Despite such constraints, Russia will retain certain AI capabilities that will pose challenges for the West. It is evident that despite the difficulties Russia is experiencing on the Ukrainian battlefield and at home as it tries to maintain domestic high-technology AI R&D, the Russian Federation is dedicating government, academic, industrial, and financial resources to ensure its AI development. Such efforts deserve close and continued scrutiny.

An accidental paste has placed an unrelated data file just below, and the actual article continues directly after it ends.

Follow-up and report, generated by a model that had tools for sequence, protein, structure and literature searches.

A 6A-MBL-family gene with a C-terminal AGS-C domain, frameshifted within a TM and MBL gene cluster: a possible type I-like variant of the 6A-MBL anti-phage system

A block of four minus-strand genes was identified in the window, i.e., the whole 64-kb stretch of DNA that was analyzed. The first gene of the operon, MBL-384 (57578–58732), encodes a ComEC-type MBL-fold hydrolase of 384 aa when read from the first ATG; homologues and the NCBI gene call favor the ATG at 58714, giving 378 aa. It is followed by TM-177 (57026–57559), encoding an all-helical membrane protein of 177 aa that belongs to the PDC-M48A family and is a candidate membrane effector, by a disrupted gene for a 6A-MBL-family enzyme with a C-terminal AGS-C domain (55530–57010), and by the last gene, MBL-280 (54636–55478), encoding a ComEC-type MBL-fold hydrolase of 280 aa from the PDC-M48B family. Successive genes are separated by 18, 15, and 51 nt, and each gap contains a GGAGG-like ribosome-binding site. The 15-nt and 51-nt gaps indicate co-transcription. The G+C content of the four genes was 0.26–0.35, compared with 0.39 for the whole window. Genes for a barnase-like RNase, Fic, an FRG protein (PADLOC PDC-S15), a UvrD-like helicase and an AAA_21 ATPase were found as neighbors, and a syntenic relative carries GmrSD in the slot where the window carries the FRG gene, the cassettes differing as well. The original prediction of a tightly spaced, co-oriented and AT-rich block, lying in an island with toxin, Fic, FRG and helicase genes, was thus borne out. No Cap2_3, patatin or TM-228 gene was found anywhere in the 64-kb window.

Russian thinking about artificial intelligence (AI) development is consistent with that of other major powers that similarly are seeking to respond to an evolving combat environment characterized by growing multi-domain complexity and rapid technological change. As Russia increasingly operates in the air, sea, ground, space, cyber, and information domains, it views its ability to access, understand, manage, and act upon the massive amounts of data generated by multiple sources and systems as a key battlefield requirement. The Russian military’s development of AI has been a decades-long path that has accelerated significantly in the past 20 years. Improvements in technology developments, access to international software and hardware, increasing global competition that has driven the Russian Ministry of Defense (MOD) to achieve real results, and Russia’s gradual progress conceptualizing AI use in combat all have propelled Russian advances.